It’s no secret Australia is in the midst of a financial literacy crisis, but just how big of a problem is it?
Before we can decide how financially literate our young Aussie students are, it’s worth defining what it means to be financial literate. Financial literacy is "the ability to make informed decisions about your personal finances". This might sound a bit broad, but there are a number of ways to measure the extent to which people possess the skills and knowledge to make these decisions.
One of the most common methods, known as the Big-3, was created by the Household, Income and Labour Dynamics in Australia (HILDA). As a part of this system, individuals are given a 5-question test in the three major financial concepts: interest rates, inflation and diversification.
1. Suppose you put $100 into a no-fee savings account with a guaranteed interest rate of 2% per year. You don’t make any further payments into this account and you don’t withdraw any money. How much would be in the account at the end of the first year, once the interest payment is made?
2. Imagine now that the interest rate on your savings account was 1% per year and inflation was 2% per year. After one year, would you be able to buy more than today, exactly the same as today, or less than today with the money in this account?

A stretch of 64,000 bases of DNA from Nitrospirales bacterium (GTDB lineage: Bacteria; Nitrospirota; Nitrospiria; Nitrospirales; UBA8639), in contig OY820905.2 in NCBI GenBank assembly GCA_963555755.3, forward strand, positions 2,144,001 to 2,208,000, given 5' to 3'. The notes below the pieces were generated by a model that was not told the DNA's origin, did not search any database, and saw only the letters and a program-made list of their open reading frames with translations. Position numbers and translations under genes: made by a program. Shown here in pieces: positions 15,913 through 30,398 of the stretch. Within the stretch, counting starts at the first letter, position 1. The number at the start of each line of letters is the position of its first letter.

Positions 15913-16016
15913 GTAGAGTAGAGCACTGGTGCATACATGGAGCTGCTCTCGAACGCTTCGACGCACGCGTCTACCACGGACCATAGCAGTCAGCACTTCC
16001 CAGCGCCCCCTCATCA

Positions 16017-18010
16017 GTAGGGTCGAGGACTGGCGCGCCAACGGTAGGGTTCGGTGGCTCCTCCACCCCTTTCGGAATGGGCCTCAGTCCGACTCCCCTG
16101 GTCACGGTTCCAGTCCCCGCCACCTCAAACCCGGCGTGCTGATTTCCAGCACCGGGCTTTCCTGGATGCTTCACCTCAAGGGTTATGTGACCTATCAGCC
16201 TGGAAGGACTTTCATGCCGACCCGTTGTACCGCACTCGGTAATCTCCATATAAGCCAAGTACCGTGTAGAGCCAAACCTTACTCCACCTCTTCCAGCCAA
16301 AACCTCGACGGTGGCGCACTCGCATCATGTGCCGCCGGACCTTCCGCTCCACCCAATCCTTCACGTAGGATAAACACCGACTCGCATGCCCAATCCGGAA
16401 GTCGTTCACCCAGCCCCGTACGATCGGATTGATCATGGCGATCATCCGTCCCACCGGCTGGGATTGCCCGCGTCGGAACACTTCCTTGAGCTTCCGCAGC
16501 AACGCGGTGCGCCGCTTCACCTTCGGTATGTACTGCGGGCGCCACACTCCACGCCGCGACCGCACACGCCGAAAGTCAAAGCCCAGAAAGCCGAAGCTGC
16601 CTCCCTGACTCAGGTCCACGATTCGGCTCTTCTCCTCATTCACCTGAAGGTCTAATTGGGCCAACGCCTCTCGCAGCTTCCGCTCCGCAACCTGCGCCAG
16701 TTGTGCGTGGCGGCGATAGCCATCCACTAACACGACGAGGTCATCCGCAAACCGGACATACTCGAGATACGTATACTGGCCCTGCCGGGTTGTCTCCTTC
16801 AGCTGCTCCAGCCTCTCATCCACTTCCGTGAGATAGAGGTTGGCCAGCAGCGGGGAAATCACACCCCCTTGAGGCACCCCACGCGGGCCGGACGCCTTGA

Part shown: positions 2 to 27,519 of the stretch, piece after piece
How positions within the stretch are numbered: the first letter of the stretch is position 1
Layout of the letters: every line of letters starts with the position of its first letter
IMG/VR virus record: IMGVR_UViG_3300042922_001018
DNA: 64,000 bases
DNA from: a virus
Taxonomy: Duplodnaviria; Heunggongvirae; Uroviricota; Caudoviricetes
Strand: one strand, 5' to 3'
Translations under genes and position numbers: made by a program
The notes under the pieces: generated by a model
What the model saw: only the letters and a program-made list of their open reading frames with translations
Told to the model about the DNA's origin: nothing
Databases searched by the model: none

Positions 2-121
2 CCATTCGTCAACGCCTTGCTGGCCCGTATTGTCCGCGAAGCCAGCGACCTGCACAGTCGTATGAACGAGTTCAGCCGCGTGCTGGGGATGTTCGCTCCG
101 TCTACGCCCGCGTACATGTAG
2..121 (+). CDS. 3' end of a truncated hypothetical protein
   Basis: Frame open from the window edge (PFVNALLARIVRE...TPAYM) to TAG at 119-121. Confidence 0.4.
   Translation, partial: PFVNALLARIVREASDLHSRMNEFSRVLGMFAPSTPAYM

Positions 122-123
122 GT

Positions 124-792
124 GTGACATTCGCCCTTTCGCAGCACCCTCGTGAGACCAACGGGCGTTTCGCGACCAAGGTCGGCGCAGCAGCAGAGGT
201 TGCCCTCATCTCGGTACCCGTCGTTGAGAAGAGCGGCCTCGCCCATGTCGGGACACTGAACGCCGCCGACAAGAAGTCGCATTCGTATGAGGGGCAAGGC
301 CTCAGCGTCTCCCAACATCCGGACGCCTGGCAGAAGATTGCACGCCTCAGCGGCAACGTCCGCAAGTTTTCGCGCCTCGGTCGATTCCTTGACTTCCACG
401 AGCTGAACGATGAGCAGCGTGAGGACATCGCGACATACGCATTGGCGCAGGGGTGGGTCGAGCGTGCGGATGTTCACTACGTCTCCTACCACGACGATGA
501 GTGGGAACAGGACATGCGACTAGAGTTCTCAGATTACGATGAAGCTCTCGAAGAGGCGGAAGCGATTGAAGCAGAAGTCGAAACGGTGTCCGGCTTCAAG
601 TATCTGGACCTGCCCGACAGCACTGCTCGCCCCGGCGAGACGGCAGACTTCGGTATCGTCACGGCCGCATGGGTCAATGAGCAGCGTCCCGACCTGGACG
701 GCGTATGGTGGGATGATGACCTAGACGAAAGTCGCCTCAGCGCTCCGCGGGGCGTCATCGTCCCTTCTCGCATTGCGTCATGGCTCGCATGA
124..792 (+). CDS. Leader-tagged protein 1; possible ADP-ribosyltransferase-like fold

3. Do you think that the following statement is true or false? “Buying shares in a single company usually provides a safer return than buying shares in a number of different companies.” (True or false?)
4. Again, please tell me whether you think the following statement is true or false: “An investment with a high return is likely to be high risk.” (True or false?)
5. Suppose that by the year 2020 your income has doubled, but the prices of all of the things you buy have also doubled. In 2020, will you be able to buy more than today, the same as today, or less than today with your income?
According to this survey, financially literate people will be able to get all five questions correct. That is, they would answer: $102, less, false, true, exactly the same.
Interestingly, but perhaps unsurprisingly, young Australians between ages 15 and 17 performed worse than their older counterparts. In 2016, 28% of teenage boys and 15% of teenage girls were able to pass this test. These levels are highly concerning given the fact young people are receiving more and more financial power. As a result, we are seeing worrying trends like young people taking on debt like BNPL earlier, saving much less and most importantly, lacking confidence in themselves to take care of their finances.
While the statistics are worrying, young people are not financially illiterate because they don’t want to be. 81% of surveyed Australian teenagers reported being interested in learning about managing their finances. So, it’s not a question of how we can motivate the youth of today to learn, rather, it’s about providing them with the resources to do so.
Consider sitting down with your class today and finding out how you can support them in becoming financially independent young adults today.